Sony remains bullish on 4K HDR after successful Sony Open tests

The Sony Open returned to the Waialae Golf Course in Honolulu last month and, once again, served as a proving ground for Sony’s latest technology. In previous tournaments, the production team tested nascent HD technologies and took burgeoning 3D workflows for a ride. This year, the focus was fully on 4K HDR.

“We used live 4K cameras and high dynamic range on one hole to see how this would look with golf [and to demonstrate] the benefits of using 4K or HD and being able to have a true-to-life proof of concept that we could take back and look at,” said Rob Willox, director of marketing, Sony Electronics. “It was a very comprehensive effort: shooting, switching, recording, and postproduction was all done on Sony 4K and HDR.”

In addition to the multiple HD cameras that covered the golf tournament for Golf Channel, Sony stationed three HDC-4300 4K/HD camera systems with ⅔-in. 4K image sensors on the 17th hole to capture the action in 4K resolution. A fourth 4300 camera recorded action on a live studio set, feeding 4K content to an in-studio 75-in. monitor and playing back to a studio audience; a fifth 4300 was on hand as a spare.

Throughout the broadcast, the 4300s were used in a dual role, matching images with the HDC-2500 cameras used for the rest of the broadcast while simultaneously recording 4K HDR images to separate servers as part of Sony’s ongoing research in HDR production. The 4300s were flanked by three Sony F55 cameras recording in 4K RAW, which were converted to HD for the main broadcast.

According to Willox, by capturing 4K content with both the 4300s and the F55s, Sony will be able to comprehensively show the capabilities of 4K and HDR for sports production at NAB 2016.

“Golf lends itself really well to HDR,” said Willox. “[The golfers] had some vibrant outfits — whether it’s orange pants or green or red or yellow matching up against the caddies, who are generally dressed in white; then you have the green roughs and the fairways and putting greens. You have the backdrop of the white clouds and the blue sky, and HDR, with its colour range, really handles all those colours extraordinarily well, giving it a very natural look.”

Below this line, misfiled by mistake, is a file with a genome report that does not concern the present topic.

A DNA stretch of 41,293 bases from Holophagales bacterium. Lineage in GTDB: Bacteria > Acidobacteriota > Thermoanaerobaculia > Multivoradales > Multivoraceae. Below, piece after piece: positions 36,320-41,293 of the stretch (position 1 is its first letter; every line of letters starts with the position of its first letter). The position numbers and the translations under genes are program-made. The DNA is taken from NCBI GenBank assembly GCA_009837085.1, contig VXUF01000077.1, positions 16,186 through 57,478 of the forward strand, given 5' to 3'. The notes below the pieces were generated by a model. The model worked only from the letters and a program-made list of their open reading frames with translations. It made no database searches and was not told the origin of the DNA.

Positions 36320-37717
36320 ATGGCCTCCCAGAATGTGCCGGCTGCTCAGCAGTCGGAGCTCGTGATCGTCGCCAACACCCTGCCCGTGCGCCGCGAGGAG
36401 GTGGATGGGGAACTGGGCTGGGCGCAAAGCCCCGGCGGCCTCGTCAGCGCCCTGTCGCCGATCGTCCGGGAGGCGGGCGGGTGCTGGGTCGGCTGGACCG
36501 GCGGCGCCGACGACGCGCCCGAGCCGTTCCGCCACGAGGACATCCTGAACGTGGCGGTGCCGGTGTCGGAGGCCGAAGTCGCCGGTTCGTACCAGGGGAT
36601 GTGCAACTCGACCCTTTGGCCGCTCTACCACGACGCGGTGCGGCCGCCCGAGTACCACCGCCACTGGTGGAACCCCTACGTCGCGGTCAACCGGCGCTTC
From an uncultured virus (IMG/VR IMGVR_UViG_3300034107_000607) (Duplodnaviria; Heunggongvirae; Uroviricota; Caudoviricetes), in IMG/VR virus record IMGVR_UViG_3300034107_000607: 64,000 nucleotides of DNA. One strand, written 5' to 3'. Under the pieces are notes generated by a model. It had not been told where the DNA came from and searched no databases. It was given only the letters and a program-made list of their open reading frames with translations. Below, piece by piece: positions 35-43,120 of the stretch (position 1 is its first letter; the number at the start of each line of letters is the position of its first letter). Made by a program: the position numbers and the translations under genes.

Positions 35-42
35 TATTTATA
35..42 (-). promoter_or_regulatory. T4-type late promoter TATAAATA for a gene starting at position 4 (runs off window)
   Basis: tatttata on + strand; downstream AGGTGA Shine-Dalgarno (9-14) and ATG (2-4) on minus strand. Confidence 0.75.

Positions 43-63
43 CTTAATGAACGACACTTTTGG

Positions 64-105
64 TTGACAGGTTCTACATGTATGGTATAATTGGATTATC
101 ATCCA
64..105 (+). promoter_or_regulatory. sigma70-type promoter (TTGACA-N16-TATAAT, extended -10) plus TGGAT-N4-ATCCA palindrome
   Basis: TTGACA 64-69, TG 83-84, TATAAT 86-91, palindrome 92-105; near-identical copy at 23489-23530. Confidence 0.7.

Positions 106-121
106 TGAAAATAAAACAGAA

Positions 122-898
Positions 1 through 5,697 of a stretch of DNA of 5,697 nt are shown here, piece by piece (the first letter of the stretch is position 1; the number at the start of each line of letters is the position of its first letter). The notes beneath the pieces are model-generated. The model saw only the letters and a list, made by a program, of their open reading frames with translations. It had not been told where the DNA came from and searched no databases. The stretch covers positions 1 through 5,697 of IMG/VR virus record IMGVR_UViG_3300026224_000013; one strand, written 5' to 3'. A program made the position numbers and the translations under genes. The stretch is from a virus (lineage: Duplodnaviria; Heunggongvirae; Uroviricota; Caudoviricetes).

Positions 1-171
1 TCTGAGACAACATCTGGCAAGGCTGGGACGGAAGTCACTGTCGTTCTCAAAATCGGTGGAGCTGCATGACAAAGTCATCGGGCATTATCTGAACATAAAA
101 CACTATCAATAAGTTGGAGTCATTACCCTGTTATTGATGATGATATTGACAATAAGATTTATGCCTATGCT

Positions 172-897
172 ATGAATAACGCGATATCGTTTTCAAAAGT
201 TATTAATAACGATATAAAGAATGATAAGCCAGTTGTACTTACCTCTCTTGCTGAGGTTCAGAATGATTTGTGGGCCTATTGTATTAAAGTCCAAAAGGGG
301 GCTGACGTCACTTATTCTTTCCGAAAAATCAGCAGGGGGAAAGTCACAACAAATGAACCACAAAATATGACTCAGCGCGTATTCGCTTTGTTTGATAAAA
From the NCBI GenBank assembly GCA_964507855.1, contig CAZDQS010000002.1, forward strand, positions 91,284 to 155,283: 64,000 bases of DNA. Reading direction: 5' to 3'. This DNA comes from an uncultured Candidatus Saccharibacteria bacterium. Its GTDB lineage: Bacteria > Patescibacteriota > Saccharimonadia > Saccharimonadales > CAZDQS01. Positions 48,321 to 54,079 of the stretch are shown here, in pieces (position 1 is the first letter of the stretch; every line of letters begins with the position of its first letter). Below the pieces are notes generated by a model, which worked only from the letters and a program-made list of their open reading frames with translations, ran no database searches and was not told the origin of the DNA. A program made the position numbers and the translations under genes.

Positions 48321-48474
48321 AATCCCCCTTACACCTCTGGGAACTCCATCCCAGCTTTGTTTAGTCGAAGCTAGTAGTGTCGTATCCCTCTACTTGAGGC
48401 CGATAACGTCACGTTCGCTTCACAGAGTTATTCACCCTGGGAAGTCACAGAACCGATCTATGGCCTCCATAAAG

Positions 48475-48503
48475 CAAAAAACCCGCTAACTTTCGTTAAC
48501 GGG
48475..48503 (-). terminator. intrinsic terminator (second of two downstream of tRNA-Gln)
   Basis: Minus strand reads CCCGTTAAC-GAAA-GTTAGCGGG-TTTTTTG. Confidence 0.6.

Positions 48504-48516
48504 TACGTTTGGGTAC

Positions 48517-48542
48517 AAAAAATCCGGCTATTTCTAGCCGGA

NEP’s NCPIV and NCPXIV units were on hand to cover the Sony Open. In addition to the Sony 4300 and F55 cameras, Sony also tested a 4K production switcher, portable wireless server, and Catalyst production suite. The company has two technicians from Japan and three from the U.S. onsite, along with a small marketing team.

“The footprint that we took up to do 4K was really no larger than the footprint we would have taken up to do HD,” Willox points out. “We just needed more storage from a camera, switcher, storage standpoint. It would have been the same size whether it was HD or 4K, and the same crew requirement, for that matter.”

Unlike the 3D tests performed four and five years ago at the Sony Open, 4K does not require an entirely separate production technology, team and truck to create a true 4K broadcast. And, although transmission of 4K content to the home continues to be a challenge, Sony remains bullish on the future of 4K sports broadcasts.

“I think [one] thing that we really wanted to see come out is that, with a relatively normal effort, a 4K HDR production was produced,” said John Studdert, VP, US sales and marketing, Sony Electronics. “Going forward, whether it’s the next year or two or three years, a lot of customers will have to do a dual broadcast. This was a good proof of concept for that, and we learned a lot.”

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